What is data governance?
Data governance is the discipline of ensuring integrity in the sourcing and use of data in an organization. Our previous “101” piece, setting out key data management concepts and concerns, covered the elements needed to evaluate data quality. The basis of data quality assessment comes from the framework set up in the form of policies and processes. Therefore, understanding data governance is a foundation for running a financial services firm with the best and most relevant information.
In the financial services industry, the concept of data governance is a component of corporate governance. Globally, all financial markets have some form of corporate governance regulation for banks, investment firms and other market participants. Corporate governance rules typically serve to balance the rights and responsibilities of a company’s management and its stakeholders, and set procedures and policies for a company’s activities.
Within corporate governance regulation, data governance rules or guidelines address how firms should handle data to meet the goal of achieving good corporate governance. However, a data governance framework can also refer to what firms do on their own to manage their data with integrity.
Why do I need it?
When firms have their own data governance framework, they tend to address four elements of their data: availability, usability, integrity and security.
- Availability – Firms should ensure that data is stored, classified and maintained in a manner that keeps it accessible. Careful planning is necessary to avoid having to cleanse and structure data all over again for each application where that data is needed, thus hampering availability.
- Usability – Along with ensuring availability, firms should make sure the data they use is properly formatted for their purposes and for all necessary uses for that data throughout the enterprise. That applies to data they produce themselves as part of their operations, or data acquired from providers.
- Integrity – The integrity of data is perpetuated from it being obtained from a legitimate source and managed in appropriate ways that avoid contamination or corruption. Accuracy and quality are the commonly measured attributes that people associate with the outcomes of data integrity, but legal compliance also plays a key role, especially since the widespread adoption of data protection laws.. To retain data integrity throughout data processing, firms should track and document data lineage to make sure data sourcing, storing, processing and access controls meet internal standards and regulatory requirements.
- Security – As with integrity, security can mean the standard definition of managing access to data and protecting against unauthorized access. Firms must also know who is responsible for the security of data at different points in its creation and processing. Data stewards are often the named ‘owners’ of data sets. They influence and enforce the rules around access to the data and the conditions under which it can be shared. As with integrity, firms should assign responsibilities for data security and be aware of who owned that data at each point where it was generated and used.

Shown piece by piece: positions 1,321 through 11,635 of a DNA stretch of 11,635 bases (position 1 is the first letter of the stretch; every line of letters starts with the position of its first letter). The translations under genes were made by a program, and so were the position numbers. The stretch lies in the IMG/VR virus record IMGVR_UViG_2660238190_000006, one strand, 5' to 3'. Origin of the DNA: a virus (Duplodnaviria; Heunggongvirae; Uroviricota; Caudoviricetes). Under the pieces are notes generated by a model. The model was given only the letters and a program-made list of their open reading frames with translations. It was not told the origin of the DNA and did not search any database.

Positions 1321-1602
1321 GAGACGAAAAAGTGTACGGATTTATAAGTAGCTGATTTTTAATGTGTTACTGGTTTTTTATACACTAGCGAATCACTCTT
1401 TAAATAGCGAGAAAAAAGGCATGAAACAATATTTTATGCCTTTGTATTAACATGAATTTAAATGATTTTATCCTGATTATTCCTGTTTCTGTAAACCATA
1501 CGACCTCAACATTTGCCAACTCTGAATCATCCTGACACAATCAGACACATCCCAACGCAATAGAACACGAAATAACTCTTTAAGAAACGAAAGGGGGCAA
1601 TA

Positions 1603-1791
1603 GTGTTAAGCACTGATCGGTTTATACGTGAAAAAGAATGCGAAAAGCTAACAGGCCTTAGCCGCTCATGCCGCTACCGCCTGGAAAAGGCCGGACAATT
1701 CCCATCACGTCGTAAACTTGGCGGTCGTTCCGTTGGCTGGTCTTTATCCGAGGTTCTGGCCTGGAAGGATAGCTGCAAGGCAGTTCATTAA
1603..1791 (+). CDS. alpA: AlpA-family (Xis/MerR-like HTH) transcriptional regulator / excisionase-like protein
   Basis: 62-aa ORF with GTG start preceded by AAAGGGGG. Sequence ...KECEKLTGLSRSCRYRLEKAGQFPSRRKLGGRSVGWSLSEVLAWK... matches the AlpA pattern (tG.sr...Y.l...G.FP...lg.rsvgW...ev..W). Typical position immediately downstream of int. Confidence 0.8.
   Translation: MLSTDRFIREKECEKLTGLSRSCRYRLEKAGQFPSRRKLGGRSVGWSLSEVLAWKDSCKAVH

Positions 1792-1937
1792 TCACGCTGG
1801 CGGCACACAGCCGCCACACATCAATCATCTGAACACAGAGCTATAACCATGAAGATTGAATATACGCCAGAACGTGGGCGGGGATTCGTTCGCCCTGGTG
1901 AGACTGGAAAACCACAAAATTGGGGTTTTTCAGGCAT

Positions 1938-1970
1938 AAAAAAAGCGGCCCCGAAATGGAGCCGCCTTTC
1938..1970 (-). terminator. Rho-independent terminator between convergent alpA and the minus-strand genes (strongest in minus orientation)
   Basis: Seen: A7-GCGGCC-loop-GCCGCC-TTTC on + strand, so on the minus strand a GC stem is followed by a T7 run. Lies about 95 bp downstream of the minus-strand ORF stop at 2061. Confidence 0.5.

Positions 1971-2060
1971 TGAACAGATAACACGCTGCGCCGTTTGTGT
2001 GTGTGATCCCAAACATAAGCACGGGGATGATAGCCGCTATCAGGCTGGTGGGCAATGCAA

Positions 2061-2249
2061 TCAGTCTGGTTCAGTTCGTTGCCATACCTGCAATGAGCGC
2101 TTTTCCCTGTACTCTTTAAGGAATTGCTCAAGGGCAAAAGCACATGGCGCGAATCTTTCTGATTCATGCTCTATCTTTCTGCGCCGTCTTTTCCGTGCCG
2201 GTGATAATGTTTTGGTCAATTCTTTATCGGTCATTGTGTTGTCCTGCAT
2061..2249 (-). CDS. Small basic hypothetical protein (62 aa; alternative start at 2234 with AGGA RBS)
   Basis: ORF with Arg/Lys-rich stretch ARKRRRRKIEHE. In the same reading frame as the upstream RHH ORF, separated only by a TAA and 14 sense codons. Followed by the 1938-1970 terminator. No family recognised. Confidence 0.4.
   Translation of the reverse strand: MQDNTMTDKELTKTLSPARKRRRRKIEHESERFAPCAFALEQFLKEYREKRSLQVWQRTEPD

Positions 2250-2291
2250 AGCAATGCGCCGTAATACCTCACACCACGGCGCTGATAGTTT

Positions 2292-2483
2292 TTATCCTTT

As you can see, these traits go hand in hand and overlap in some respects. If you have good command of these aspects of data management, then your data governance guidelines should be easier to articulate and put into practice. To be sure, however, firms should also be aware of guidelines set forth by country regulators and global standards’ associations.
Data governance for regulation
Regarding security within data governance, the European Union’s General Data Protection Regulation (GDPR) and Markets in Financial Instruments Directive II (MiFID II) are applicable, as is US 31 USC 310, a regulation addressing data in the context of financial crimes.
On a broader scale, the US Dodd-Frank Act addresses record-keeping transparency. The US Comprehensive Capital Analysis and Review (CCAR) framework addresses data quality and management. In Europe, MiFID II addresses data collection processes, while Basel III contains data governance provisions within the context of risk management and capital adequacy concerns.
In China, the Banking and Insurance Regulatory Commission (CBIRC) issued guidelines in May 2018 that include provisions for financial firms, assigning responsibility for setting up data governance systems, data quality control and related incentive and accountability systems.
Although MiFID II, Basel III and the BCBS 239 rules addressing risk data aggregation come from Europe, they do influence compliance throughout Asia and globally. In addition, the International Financial Reporting Standard (IFRS) created by the International Accounting Standards Board (IASB) sets classification and accounting rules that can figure into data governance. Any firm forming their governance framework should be aware of these provisions.
So, with a good handle on data governance traits and rules, firms may also deploy enterprise data management (EDM) and master data management (MDM) systems as a means to carry out the provisions made in data governance. These systems scrub, enrich and curate data, to standardize how data is defined and produce metadata that helps implement data governance frameworks, with integrity, accountability and security.
With knowledge of the elements of data governance, both as part of a firm’s native efforts and its compliance requirements, management will be better equipped to do business in the markets and lower their operational and regulatory risk.